By Dick Stark
On January 15, Netflix quietly announced a price increase by an average of 13 to 18 percent. With 58 million US subscribers, that works out to an additional $1.4B yearly revenue increase. How elastic is this type of increase? Will users move to another provider? In my opinion, that’s not too likely. Most may grumble or complain, but in the end what’s a couple of dollars a month increase compared to the opportunity to watch a seemingly unending supply of shows and movies. Let’s face it, we’re all hooked, and will pay almost any price for the chance to keep streaming.
Netflix is the poster child of a cloud based on-demand software subscription-based service provider–not too unlike Salesforce, ServiceNow, Workday and others. RightStar has been a Salesforce customer since we started the company 15 years ago. In the early days of SaaS based software, I had the chance to discuss Salesforce’s success with its former CFO. His comment: “Our customers just can’t get enough—it’s as addictive as cocaine.” And I get it. With any mission critical or semi-mission critical piece of software, the cost of changing to a competitive offering is just too painful, no matter what the cost. For example, RightStar has spent more than $375,000 on Salesforce since we’ve been in business, just for software subscription charges. Had we run on-premise sales automation software on our own server, we would have likely spent no more than $100,000 during that timeframe. Does it matter? Not really, we have received good value from Salesforce over time and have no plans to do anything else.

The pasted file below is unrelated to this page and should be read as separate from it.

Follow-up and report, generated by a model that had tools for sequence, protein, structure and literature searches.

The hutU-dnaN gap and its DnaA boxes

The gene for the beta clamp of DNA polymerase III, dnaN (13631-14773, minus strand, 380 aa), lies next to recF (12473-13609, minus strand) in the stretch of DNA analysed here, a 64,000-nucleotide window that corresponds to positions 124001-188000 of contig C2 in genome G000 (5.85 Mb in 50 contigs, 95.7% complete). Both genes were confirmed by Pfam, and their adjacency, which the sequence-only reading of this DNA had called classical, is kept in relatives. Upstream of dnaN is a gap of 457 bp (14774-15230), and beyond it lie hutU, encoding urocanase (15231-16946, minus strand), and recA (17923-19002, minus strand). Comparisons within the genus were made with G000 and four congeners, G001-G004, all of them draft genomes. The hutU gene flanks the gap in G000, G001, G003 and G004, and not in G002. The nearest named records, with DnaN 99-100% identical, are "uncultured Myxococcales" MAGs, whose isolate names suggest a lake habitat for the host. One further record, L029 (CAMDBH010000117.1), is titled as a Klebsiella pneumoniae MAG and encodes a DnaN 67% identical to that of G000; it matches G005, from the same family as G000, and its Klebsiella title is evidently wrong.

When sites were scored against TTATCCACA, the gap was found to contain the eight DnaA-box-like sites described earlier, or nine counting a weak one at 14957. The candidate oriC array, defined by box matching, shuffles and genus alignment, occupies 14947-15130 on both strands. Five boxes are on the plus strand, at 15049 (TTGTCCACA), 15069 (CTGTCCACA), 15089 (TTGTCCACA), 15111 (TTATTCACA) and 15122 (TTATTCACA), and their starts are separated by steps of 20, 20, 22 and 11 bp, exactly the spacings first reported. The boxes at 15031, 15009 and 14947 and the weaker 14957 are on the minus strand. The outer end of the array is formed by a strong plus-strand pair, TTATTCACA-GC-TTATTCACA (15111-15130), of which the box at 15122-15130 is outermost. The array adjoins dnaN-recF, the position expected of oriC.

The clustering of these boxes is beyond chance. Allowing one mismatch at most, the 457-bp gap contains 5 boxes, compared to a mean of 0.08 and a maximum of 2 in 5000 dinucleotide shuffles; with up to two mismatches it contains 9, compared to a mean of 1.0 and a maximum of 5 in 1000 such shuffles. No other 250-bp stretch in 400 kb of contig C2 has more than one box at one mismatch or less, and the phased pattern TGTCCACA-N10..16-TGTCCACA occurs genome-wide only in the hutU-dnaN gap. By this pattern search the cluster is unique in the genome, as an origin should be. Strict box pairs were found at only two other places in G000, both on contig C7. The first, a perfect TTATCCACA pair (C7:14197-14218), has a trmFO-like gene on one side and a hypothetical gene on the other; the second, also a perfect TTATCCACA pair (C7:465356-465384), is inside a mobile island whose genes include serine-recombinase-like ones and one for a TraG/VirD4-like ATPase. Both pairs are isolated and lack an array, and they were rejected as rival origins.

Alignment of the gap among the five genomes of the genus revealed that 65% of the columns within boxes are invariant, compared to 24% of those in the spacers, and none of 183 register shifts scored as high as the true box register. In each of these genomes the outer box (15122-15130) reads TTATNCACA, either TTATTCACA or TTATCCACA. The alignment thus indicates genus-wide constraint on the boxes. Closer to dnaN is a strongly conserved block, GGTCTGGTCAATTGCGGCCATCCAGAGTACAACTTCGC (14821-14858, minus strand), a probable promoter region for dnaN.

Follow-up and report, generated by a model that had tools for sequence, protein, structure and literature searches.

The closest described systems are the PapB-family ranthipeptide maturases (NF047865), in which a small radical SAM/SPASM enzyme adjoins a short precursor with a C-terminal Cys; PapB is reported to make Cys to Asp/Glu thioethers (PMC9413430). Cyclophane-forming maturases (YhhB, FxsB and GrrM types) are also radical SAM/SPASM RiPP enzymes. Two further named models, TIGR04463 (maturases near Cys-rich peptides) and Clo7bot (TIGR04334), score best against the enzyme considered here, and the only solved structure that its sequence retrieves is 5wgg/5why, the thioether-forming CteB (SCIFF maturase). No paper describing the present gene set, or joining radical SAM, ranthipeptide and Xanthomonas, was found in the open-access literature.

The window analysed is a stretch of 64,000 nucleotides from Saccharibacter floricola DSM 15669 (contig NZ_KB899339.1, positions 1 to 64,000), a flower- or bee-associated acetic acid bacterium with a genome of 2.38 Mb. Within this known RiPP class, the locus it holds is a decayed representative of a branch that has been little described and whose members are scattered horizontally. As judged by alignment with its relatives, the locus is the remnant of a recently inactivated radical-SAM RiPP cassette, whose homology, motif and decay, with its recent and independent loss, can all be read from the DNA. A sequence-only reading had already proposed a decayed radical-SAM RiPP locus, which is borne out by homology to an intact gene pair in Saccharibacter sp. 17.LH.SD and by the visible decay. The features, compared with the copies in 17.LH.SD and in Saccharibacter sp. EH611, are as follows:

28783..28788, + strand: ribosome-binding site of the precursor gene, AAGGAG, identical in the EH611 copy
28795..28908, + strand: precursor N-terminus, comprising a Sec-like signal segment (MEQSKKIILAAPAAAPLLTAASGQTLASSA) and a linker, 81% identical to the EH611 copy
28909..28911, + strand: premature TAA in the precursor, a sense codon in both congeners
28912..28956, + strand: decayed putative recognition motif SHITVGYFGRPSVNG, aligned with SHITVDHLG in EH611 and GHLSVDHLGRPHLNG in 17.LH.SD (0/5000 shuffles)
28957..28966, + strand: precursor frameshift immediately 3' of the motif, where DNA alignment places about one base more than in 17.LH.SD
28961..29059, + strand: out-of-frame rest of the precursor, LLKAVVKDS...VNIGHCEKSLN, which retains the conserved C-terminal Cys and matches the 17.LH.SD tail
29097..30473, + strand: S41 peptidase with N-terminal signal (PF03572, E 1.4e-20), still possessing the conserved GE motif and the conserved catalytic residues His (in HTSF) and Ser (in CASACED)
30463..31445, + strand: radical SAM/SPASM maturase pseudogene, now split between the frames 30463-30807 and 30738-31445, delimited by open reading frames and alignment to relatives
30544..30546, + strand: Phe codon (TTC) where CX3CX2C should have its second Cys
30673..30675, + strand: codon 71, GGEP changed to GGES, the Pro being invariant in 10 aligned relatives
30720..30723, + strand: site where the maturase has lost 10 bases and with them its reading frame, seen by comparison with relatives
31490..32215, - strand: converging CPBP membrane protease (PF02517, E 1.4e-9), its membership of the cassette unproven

Meanwhile at some of the larger SaaS-based software enterprise companies this past month, executives have undoubtedly exchanged high-fives as the announcement of Netflix’s price increase made the rounds. This is good news for these SaaS-based companies because very few customers will defect given a price increase. This makes for a very bright future for these SaaS providers.
As far as I can tell, there is no slow-down in cloud-based solution growth. Many large organizations, like Capital One have decided to completely empty out their own data centers and turn exclusively to cloud providers like AWS’ platform as a service (PaaS) offering. This gives organizations that have standardized on a PaaS platform, like AWS, the best of both worlds– reduced capital and operating expenses combined with the opportunity to run on-premised based software solutions, which normally have a much less expensive lifecycle cost basis as compared to SaaS offerings.
For example, we are currently involved in a ServiceNow vs Remedy opportunity. Comparing ServiceNow pricing over five years to Remedy on-premise gives Remedy a significant edge in price. This price difference is more than enough to pay for the cost of computer infrastructure and support required to manage on-premise software in either a corporate data center or on a PaaS platform like AWS. Plus, PaaS platforms provide a good defense against ever increasing SaaS pricing.